A standing woman leads a workshop with seated adults, behind her a fliphcart
This is the third in a series of blogs exploring the creation and development of our Leadership programme for learning and engagement professionals in the Arts and Cultural sector. Read the 4th blog post here. 

A group of sixteen participants from across the West Midlands, a third from local National Portfolio Organisations were recruited. This group then participated in a four- day leadership programme held at the Library of Birmingham, over a four month period.

The four one-day sessions covered the following:

  1. Personal leadership, self-awareness and working with others.
  2. Leading with influence – understanding the cultures you work within and how to influence with positive impact.
  3. Political skills to influence context, partnerships and networks -understand the wider political and societal context for arts and culture and working with young people.
  4. Change management and resilience – staying on the positive side of change and use creativity, learning and resilience strategies to stay well.

How did our Programme Support Learning and Engagement Professionals?

As highly accomplished experts in their respective fields, our programme provided the personal leadership and management development elements to strengthen existing skills and build resilience. We used psychometric tools such as the Myers-Briggs Type Indicator personality profiles and preferred influencing styles to help the group enhance their self-awareness and their awareness of others. This helped participants reflect on inter-personal relationships and effective working relationships in delivering successful projects and programmes.

Combating the isolation felt by many participants, our programme encouraged them to have an appreciation of the wider environment and systems relating to their work and to develop the ability to operate deftly with political awareness and with the necessary political skills required to thrive in the sector.

Mid-way through the programme, participants were exposed to a range of high profile speakers including: Gary Topp – Director of Culture Central; Louise Richards – Founder and Executive Director of Motionhouse; Janine Eason – Director of Learning and Operations at Thinktank, Birmingham Science Museum; Ammo Talwar MBE – CEO Punch Records; Tania Raabe-Webber – award winning Visual Artist and Rob Elkington – Director of Arts Connect, who provided international, national and regional perspectives on leadership and explored the wider political, economic and social influences on the arts and cultural sector. This enabled the participants to see a broader context for their work, to anticipate how the sector was changing and developing and how they could respond effectively. Grasping the external dynamics allowed them to keep their work contemporary, contextual and relevant to both young people and the organisations they worked for, producing programmes ‘zinging’ with contemporary relevance in the sector.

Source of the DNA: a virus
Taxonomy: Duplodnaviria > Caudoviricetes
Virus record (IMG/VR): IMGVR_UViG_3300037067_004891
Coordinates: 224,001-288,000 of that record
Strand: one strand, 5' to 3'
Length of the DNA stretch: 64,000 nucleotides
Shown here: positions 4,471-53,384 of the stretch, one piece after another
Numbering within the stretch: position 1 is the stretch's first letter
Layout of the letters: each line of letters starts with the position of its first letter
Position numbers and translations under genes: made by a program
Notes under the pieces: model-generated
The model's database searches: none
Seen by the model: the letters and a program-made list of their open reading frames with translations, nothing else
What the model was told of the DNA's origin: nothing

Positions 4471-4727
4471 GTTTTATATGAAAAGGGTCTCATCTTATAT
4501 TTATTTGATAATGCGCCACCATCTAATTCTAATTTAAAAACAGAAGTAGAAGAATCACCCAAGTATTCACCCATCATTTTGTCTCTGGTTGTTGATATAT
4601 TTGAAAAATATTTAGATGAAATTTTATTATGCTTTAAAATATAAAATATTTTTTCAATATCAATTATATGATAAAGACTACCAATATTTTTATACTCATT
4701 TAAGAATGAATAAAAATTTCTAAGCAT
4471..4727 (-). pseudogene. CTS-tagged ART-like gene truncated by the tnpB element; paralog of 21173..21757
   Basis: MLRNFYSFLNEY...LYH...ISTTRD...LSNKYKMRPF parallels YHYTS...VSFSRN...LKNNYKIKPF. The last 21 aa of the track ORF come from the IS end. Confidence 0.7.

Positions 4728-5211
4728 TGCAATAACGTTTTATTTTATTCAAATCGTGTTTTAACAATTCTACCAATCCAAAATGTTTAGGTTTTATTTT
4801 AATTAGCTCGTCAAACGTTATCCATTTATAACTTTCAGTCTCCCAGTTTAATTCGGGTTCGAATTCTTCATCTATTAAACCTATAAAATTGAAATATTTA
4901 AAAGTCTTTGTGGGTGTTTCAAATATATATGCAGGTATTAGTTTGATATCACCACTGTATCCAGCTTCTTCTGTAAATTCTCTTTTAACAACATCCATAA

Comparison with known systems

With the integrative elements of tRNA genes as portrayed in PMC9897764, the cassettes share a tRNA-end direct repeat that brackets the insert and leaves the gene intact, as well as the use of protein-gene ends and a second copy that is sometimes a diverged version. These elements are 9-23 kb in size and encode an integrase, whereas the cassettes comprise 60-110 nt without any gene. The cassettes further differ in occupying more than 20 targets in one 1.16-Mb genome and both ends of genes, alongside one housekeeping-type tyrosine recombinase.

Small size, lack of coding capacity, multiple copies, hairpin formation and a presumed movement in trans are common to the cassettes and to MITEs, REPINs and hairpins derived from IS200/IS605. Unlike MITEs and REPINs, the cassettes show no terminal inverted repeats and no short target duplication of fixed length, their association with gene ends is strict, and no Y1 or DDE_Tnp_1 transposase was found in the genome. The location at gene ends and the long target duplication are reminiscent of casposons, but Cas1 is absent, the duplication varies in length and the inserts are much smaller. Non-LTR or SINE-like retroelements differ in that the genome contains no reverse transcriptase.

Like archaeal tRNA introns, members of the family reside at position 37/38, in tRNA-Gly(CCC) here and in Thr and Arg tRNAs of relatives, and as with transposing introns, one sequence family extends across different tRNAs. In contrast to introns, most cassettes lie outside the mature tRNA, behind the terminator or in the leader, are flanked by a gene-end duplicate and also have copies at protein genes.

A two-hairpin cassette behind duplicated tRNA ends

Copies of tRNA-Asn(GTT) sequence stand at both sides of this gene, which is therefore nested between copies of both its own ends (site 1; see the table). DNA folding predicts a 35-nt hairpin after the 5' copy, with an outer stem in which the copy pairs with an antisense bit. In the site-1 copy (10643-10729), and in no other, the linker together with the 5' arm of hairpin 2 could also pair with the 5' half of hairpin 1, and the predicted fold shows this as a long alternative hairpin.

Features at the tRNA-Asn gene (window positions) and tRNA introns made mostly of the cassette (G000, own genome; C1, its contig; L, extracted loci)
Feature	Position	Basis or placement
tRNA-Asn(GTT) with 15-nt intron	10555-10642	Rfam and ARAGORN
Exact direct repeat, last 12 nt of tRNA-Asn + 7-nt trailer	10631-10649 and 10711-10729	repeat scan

Managing Change

Given that the sector is perpetually changing due to external political and financial pressures, structures within organisations are also changing. Learning and engagement professionals are often caught in the middle of senior management re-structuring, having to re-structure their own teams and reduce their budgets but with the expectation that they will maintain income levels.

In recognition of this, the fourth day of the leadership programme focused on change management, the various management frameworks tools and techniques that can help leaders and managers deal with change and thrive through finding new ways of working and relating to the wider arts and culture system.


Further support was given through one-to-one executive coaching and mentoring. Each participant was offered at least one session which centred on their individual leadership challenges which were identified as the programme progressed .

Learning Objectives

Participants had a learning plan developed with their sponsors to structure their personal learning objectives and to identify opportunities to apply that learning. Sponsors were most usually the Line Manager of the participant, or in the case of those who were self-employed, a referee from within the sector. Sponsors provided support in the development of the participant, both during and after the programme.

Validating the Learning

The University of Wolverhampton validated the leadership programme as a Postgraduate level module entitled Leadership in the Arts and Cultural Sector; the module carried 20 credits and could be used towards a Postgraduate qualification such as an MA. If participants chose to do so, they could undertake an extended research project around their leadership challenge.


Blogs by:  Susan Goodwin:  Associate Director of Culture at Arts Connect, West Midlands ( in partnership with Munira Thobani: Leadership Development & Organisational Change Consultant and Executive Coach.)

Find out more
If you are interested in joining our 2018 cohort you will find more details of this programme here.